Archaeology and geology continue to reveal the secrets of prehistoric Scotland, uncovering a complex past before the Romans brought Scotland into the scope of recorded history. Successive human cultures tended to be spread across Europe or further afield, but focusing on this particular geographical area sheds light on the origin of the widespread remains and monuments in Scotland, and on the background to the history of Scotland.
Unstan ware is the name used by archaeologists for a type of finely made and decorated Neolithic pottery from the 4th and 3rd millennia BC. Typical are elegant and distinctive shallow bowls with a band of grooved patterning below the rim, a type of decoration which was created using a technique known as "stab-and-drag". A second version consists of undecorated, round-bottomed bowls. Some of the bowls had bits of volcanic rock included in the clay to make them stronger. Bone tools were used to burnish the surfaces to make them shiny and impermeable.
The prehistory of Ireland has been pieced together from archaeological evidence, which has grown at an increasing rate over the last decades. It begins with the first evidence of permanent human residence in Ireland around 10,500 BC and finishes with the start of the historical record around 400 AD. Both the beginning and end dates of the period are later than for much of Europe and all of the Near East. The prehistoric period covers the Palaeolithic, Mesolithic, Neolithic, Bronze Age and Iron Age societies of Ireland. For much of Europe, the historical record begins when the Romans invaded; as Ireland was not invaded by the Romans its historical record starts later, with the coming of Christianity.
Scotland during the Roman Empire refers to the protohistorical period during which the Roman Empire interacted within the area of modern Scotland. Despite sporadic attempts at conquest and government between the 1st and 4th centuries AD, most of modern Scotland, inhabited by the Caledonians and the Maeatae, was not incorporated into the Roman Empire.
Prehistoric Orkney refers only to the prehistory of the Orkney archipelago of Scotland that begins with human occupation. Although some records referring to Orkney survive that were written during the Roman invasions of Scotland, “prehistory” in northern Scotland is defined as lasting until the start of Scotland's Early Historic Period.
Unstan is a Neolithic chambered cairn located about 2 mi (3 km) north-east of Stromness on Mainland, Orkney, Scotland. The tomb was built on a promontory that extends into the Loch of Stenness near the settlement of Howe. Unstan is notable as an atypical hybrid of the two main types of chambered cairn found in Orkney, and as the location of the first discovery of a type of pottery that now bears the name of the tomb. The site is in the care of Historic Environment Scotland as a scheduled monument.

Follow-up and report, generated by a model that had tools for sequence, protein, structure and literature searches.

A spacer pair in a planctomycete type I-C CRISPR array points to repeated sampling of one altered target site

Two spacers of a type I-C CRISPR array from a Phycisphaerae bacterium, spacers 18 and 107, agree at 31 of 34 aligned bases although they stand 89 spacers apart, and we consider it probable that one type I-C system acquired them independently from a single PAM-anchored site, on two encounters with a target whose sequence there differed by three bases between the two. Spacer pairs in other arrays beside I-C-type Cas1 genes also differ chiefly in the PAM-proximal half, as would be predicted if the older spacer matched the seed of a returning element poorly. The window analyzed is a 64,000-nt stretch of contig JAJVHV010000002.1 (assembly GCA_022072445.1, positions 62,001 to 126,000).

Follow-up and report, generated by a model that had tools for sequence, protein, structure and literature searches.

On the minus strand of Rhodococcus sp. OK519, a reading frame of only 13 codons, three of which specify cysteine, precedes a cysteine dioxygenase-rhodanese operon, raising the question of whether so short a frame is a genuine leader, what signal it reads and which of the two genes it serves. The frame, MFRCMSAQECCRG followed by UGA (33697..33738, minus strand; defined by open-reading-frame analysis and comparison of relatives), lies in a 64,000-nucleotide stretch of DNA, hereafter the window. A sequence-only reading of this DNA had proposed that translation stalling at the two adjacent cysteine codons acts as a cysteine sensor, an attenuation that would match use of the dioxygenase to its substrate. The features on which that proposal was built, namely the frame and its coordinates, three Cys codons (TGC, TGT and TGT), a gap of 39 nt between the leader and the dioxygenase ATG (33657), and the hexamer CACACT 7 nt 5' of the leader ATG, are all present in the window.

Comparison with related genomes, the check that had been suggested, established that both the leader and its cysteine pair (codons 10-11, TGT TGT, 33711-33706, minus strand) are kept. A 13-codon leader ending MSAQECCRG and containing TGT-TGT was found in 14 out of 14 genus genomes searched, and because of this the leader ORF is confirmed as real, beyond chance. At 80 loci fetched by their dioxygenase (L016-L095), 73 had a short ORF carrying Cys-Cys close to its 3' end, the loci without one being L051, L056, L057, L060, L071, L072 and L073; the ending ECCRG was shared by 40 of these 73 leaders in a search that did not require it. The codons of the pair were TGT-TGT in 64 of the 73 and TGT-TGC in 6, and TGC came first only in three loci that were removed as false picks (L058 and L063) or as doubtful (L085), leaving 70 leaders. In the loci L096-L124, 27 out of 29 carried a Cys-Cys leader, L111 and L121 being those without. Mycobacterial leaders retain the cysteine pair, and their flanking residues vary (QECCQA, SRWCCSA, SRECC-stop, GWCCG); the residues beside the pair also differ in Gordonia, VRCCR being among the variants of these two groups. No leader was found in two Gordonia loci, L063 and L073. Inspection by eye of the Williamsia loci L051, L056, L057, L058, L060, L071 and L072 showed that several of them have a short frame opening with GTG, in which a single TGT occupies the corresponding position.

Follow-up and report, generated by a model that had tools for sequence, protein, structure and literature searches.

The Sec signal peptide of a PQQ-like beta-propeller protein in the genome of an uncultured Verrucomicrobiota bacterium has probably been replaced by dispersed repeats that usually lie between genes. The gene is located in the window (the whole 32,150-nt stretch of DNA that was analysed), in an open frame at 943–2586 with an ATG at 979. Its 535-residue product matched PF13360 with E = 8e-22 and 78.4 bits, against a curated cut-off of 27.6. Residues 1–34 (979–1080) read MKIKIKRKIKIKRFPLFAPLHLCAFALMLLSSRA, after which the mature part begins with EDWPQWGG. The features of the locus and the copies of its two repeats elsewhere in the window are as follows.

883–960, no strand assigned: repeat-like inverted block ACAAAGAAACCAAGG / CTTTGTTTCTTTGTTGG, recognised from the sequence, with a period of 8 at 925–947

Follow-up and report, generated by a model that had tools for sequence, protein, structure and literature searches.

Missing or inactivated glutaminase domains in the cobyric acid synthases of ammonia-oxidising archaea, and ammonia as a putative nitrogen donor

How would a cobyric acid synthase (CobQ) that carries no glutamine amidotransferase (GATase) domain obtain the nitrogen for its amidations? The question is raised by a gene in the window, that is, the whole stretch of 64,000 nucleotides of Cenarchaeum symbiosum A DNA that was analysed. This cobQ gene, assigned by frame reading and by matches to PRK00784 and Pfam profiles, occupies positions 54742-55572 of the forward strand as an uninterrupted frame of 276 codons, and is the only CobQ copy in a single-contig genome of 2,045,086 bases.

Julian Stewart Thomas is a British archaeologist, publishing on the Neolithic and Bronze Age prehistory of Britain and north-west Europe. Thomas has been vice president of the Royal Anthropological Institute since 2007. He has been Professor of Archaeology at the University of Manchester since 2000, and is former secretary of the World Archaeological Congress. Thomas is perhaps best known as the author of the academic publication Understanding the Neolithic in particular, and for his work with the Stonehenge Riverside Project.
Prehistoric Shetland refers to the prehistoric period of the Shetland archipelago of Scotland, when it was first occupied by humans. The period prior to human settlement in Shetland is known as the geology of Scotland. Prehistory in Shetland does not end until the beginning of the Early Medieval Period in Scotland, around AD 600. More than 5,000 archaeological sites have been recorded in the Shetland Islands.
The architecture of Scotland in the prehistoric era includes all human building within the modern borders of Scotland, before the arrival of the Romans in Britain in the first century BCE. Stone Age settlers began to build in wood in what is now Scotland from at least 8,000 years ago. The first permanent houses of stone were constructed around 6,000 years ago, as at Knap of Howar, Orkney and settlements like Skara Brae. There are also large numbers of chambered tombs and cairns from this era, particularly in the west and north. In the south and east there are earthen barrows, often linked to timber monuments of which only remnants remain. Related structures include bank barrows, cursus monuments, mortuary enclosures and timber halls. From the Bronze Age there are fewer new buildings, but there is evidence of crannogs, roundhouses built on artificial islands and of Clava cairns and the first hillforts. From the Iron Age there is evidence of substantial stone Atlantic roundhouses, which include broch towers, smaller duns. There is also evidence of about 1,000 hillforts in Scotland, most located below the Clyde-Forth line.
Prehistoric art in Scotland is visual art created or found within the modern borders of Scotland, before the departure of the Romans from southern and central Britain in the early fifth century CE, which is usually seen as the beginning of the early historic or Medieval era. There is no clear definition of prehistoric art among scholars and objects that may involve creativity often lack a context that would allow them to be understood.
Agriculture in prehistoric Scotland includes all forms of farm production in the modern boundaries of Scotland before the beginning of the early historic era. Scotland has between a fifth and a sixth of the arable or good pastoral land of England and Wales, mostly in the south and east. Heavy rainfall encouraged the spread of acidic blanket peat bog, which with wind and salt spray, made most of the western islands treeless. Hills, mountains, quicksands and marshes made internal communication and agriculture difficult.
Caroline Rosa Wickham-Jones FSA was a British archaeologist specialising in Stone Age Orkney. She was a lecturer at the University of Aberdeen until her retirement in 2015.